Ahhh, Mad Men. My brother got me into the show over the summer of 2009. I don’t watch anything on actual live television (I don’t even remember how to switch our entertainment center over to live TV!), generally waiting until a season of a show has completed and then purchasing it on iTunes for enjoyment at my leisure.
As has been stated man times since the first season, Mad Men conjures up the sights, sounds, and situations (including those both charming and not-so-charming) of a bygone era, giving viewers a window into the testosterone-soaked world of post-World War II New York advertising culture. Great pains are taken in terms of stye of dress, collegial relationships, and the interactions of the sexes inside and out of the workplace.
This historical era also corresponds with the height of classical music on the cultural barometer and the early phase of the corporate-sponsored “orchestra as profession” era of which (in my humble opinion) we are witnessing the slow but inexorable demise (read my take on this phenomenon here…. or over here or over by there and back here and even here).
What happened to classical music? What could Don Draper do about it? And, more importantly, what would Don Draper do about it?
Here are some thoughts:
- Image is everything – In many respects, symphony orchestras would fit in well with the clients of Sterling Cooper, if not in terms of budget then certainly in terms of portraying their product (music, hotels, cigarettes.. it’s all the same in a certain light) as the natural extension of a desired lifestyle. If smoking a Lucky or staying at the Hilton could, with the right advertising, be billed as stylish and smart, then think about how something as inherently “classy” as a concert could have been effectively marketed.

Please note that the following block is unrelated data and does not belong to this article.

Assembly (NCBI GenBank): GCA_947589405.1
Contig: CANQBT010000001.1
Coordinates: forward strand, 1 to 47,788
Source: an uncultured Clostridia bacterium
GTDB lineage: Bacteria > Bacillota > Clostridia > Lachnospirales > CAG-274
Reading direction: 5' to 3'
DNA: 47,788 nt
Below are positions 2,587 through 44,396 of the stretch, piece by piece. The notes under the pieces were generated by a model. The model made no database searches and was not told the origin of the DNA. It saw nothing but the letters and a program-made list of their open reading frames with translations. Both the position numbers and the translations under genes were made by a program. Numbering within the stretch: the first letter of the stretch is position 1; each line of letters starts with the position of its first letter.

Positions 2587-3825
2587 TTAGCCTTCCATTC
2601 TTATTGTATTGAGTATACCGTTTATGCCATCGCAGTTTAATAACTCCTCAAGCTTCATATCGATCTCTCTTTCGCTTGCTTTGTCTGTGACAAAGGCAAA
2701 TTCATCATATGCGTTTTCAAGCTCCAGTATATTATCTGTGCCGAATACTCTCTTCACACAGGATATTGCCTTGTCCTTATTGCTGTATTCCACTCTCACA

- You can sell anything – Could the New York Philharmonic have been marketed as effectively as Hilton? Sure! Could the concert as an essential lifestyle accoutrement have been imprinted in people’s minds through the advertising trade? Certainly! Could the same happen today? I’d wager a great deal on it. Then why didn’t it happen, why isn’t it happening right now, and why will it never happen?
- It’s all about the money – Don works for a company with massive annual profits that specializes in selling images of Coke, Hilton, fashion, or whatever to the masses. His company is fantastically successful at doing this and is compensated accordingly. They employ the best in the business and fight for the best clients in the business, and like a top law firm or any other business-world entity, they demand compensation commensurate with their skills. But classical music does not play with the “big boys” in this arena. The budget of a classical music organization is nothing but a rounding error on the books of a company like those that Don Draper services. Coke, Hilton, and Don’s other clients walk the financial streets like kings, with classical music groups like a band of hobos fighting over scraps of lint tossed from the pockets of these fat cats.
The answers to my earlier questions are now quite clear:
What could Don Draper do about classical music perceptions, attendance, and sales?
He could take the music in any direction he wanted–if Don could make carbonated sugar syrup beverages appear essential to the day of every American, he could certainly make classical music seem like a critical part of the human existence.
What would Don Draper do about classical music perceptions, attendance, and sales?
Nothing–he’s not taking charity cases.